Acute Effects of a Perturbation-Based Balance Training on Cognitive Performance in Healthy Older Adults: A Pilot Study

Research output: Contribution to journalResearch articleContributedpeer-review


  • Dario Martelli - , University of Alabama (Author)
  • Jiyeon Kang - , State University of New York (SUNY) at Buffalo (Author)
  • Federica Aprigliano - , Sant'Anna School of Advanced Studies (Author)
  • Ursula M. Staudinger - , Columbia University (Author)
  • Sunil K. Agrawal - , Columbia University (Author)


Aging is accompanied by an alteration in the capacity to ambulate, react to external balance perturbations, and resolve cognitive tasks. Perturbation-based balance training has been used to induce adaptations of gait stability and reduce fall risk. The compensatory reactions generated in response to external perturbations depend on the activation of specific neural structures. This suggests that training balance recovery reactions should show acute cognitive training effects. This study aims to investigate whether exposure to repeated balance perturbations while walking can produce acute aftereffects that improve proactive and reactive strategies to control gait stability and cognitive performance in healthy older adults. It is expected that an adaptation of the recovery reactions would be associated with increased selective attention and information processing speed. Twenty-eight healthy older adults were assigned to either an Experimental (EG) or a Control Group (CG). The protocol was divided in 2 days. During the first visit, all participants completed the Symbol Digit Modalities Test (SDMT) and the Trail Making Test (TMT). During the second visit, a cable-driven robot was used to apply waist-pull perturbations while walking on a treadmill. The EG was trained with multidirectional perturbations of increasing intensity. The CG walked for a comparable amount of time with cables on, but without experiencing perturbations. Before and after the training, all participants were exposed to diagonal waist-pull perturbations. Changes in gait stability were evaluated by comparing the distance between the heel of the leading leg and the extrapolated Center of Mass (Heel-XCoM Distance—HXD) at perturbation onset (PON) and first compensatory heel strike (CHS). Finally, the cables were removed, and participants completed the SDMT and the TMT again. Results showed that only the EG adapted the gait stability (p < 0.001) in reaction to diagonal perturbations and showed improved performance in the SDMT (p < 0.001). This study provides the first evidence that a single session of perturbation-based balance training produce acute aftereffects in terms of increased cognitive performance and gait stability in healthy older adults. Future studies will include measures of functional activation of the cerebral cortex and examine whether a multi-session training will demonstrate chronic effects.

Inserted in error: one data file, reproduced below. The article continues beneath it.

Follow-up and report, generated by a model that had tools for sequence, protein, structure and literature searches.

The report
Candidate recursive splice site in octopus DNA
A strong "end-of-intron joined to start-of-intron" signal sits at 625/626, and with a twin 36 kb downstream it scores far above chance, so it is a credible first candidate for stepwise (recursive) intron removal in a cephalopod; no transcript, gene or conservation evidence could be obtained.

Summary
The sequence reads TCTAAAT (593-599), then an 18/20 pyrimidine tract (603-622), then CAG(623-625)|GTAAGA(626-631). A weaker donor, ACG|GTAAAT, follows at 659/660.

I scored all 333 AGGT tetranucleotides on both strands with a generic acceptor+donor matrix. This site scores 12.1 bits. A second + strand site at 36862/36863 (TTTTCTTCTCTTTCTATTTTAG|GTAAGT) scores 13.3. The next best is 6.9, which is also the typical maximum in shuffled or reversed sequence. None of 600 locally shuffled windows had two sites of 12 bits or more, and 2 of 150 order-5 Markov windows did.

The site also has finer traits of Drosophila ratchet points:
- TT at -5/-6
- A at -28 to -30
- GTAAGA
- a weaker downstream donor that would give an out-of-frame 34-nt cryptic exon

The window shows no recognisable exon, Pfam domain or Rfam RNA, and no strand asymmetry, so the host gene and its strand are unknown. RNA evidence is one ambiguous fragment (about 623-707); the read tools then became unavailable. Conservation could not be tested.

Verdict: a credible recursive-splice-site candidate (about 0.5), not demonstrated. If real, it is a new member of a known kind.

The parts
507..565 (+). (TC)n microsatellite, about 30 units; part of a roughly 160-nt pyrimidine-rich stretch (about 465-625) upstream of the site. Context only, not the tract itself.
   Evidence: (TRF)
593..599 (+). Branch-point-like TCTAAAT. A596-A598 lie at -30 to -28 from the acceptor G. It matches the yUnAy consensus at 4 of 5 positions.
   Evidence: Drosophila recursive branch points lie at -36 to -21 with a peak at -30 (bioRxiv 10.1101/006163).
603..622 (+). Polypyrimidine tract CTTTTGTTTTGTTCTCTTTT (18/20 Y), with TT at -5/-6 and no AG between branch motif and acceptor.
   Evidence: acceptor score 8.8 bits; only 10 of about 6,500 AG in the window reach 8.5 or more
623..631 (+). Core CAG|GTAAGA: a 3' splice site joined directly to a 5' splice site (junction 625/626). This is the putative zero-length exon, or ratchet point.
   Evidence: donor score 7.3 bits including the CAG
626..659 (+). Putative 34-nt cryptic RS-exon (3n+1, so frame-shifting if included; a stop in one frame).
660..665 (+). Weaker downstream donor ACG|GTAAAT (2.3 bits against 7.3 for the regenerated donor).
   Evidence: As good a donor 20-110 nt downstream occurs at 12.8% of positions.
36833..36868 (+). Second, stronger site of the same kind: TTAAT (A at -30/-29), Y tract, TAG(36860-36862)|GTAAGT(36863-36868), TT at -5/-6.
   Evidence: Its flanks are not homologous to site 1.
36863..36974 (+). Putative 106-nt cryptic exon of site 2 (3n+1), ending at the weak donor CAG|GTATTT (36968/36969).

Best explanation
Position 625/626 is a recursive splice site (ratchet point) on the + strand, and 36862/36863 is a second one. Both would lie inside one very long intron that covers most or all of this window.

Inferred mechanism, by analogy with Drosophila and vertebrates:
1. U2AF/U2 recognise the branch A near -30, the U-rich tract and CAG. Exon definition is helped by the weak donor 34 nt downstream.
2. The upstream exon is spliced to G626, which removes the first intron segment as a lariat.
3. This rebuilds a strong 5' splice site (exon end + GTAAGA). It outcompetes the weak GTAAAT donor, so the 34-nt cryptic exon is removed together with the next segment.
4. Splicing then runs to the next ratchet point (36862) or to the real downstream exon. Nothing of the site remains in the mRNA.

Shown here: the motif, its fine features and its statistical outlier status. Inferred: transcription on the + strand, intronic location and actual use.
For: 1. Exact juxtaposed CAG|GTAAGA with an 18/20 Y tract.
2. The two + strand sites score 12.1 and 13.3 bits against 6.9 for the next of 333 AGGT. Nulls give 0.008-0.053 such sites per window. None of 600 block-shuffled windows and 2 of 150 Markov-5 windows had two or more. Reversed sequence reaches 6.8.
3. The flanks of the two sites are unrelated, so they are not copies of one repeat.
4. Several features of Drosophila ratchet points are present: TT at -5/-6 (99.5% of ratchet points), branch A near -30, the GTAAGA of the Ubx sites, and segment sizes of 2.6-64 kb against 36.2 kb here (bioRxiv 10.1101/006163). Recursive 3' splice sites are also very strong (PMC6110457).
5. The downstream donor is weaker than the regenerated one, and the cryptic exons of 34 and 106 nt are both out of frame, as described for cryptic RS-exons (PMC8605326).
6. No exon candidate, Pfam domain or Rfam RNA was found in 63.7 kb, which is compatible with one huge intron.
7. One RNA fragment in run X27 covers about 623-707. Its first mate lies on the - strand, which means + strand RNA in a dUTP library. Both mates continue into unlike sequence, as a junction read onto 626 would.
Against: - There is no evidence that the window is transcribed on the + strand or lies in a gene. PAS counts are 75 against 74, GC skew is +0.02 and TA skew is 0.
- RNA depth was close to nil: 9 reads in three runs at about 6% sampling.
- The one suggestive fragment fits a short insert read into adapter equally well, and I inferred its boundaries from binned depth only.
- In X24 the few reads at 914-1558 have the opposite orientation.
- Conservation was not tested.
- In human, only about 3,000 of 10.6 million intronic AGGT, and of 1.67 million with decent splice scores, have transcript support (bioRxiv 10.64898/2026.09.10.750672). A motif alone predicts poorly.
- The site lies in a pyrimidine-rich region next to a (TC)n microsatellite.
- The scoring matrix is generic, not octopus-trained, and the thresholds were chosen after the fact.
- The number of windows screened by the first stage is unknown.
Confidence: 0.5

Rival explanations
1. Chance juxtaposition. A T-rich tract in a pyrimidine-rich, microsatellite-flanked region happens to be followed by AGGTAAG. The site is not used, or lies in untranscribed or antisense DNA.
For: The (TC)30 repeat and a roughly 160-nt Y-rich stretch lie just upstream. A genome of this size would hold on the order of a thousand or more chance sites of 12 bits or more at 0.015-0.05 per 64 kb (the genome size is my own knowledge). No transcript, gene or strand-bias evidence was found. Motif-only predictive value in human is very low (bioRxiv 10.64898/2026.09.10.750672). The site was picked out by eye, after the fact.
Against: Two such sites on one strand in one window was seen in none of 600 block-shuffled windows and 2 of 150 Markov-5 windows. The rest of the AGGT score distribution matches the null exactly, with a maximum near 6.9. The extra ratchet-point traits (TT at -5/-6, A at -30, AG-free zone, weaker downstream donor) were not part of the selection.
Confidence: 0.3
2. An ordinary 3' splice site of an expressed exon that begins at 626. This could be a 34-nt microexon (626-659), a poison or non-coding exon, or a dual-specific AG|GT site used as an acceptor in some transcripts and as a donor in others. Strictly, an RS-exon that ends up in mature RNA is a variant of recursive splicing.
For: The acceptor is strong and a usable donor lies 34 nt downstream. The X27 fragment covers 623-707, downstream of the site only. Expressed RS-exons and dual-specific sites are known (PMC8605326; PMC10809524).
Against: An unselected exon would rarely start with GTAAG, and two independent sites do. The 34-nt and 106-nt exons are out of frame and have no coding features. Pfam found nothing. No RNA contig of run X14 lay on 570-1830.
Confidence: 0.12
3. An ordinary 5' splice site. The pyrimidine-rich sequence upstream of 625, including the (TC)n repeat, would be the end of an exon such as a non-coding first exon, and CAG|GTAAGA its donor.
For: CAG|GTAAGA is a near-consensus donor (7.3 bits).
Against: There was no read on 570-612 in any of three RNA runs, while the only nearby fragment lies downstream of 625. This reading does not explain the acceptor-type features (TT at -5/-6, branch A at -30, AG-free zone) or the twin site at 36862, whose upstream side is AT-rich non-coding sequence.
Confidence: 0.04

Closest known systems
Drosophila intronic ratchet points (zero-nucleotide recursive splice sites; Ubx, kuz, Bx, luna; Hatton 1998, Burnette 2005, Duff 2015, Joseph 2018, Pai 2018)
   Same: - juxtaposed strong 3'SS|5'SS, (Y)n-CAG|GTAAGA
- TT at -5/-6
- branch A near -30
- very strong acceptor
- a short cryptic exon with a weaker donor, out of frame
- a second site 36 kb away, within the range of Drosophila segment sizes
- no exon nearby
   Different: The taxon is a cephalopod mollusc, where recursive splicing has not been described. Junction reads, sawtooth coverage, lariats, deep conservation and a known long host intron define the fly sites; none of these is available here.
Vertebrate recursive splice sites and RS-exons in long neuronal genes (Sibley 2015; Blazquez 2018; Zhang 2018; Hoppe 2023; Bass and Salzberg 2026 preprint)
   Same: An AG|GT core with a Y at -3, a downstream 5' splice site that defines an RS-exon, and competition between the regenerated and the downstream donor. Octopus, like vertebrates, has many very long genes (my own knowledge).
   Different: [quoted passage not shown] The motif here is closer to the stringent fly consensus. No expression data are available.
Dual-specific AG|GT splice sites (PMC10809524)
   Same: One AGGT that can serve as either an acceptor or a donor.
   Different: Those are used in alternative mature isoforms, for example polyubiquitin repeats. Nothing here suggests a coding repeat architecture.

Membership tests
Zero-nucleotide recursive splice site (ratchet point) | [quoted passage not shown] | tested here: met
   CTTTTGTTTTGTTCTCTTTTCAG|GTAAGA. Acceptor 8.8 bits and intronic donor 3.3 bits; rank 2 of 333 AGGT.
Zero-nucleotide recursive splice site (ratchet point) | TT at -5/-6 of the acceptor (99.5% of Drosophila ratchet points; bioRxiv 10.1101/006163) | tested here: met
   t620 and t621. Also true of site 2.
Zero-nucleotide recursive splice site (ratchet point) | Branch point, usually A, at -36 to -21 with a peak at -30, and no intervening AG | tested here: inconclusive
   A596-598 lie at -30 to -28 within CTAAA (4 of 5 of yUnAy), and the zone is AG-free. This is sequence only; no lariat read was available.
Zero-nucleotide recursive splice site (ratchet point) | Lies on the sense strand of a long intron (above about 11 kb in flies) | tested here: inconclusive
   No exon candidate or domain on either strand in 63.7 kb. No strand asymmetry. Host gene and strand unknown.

Original languageEnglish
Article number688519
JournalFrontiers in Sports and Active Living
Issue number3
Publication statusPublished - 16 Aug 2021
Externally publishedYes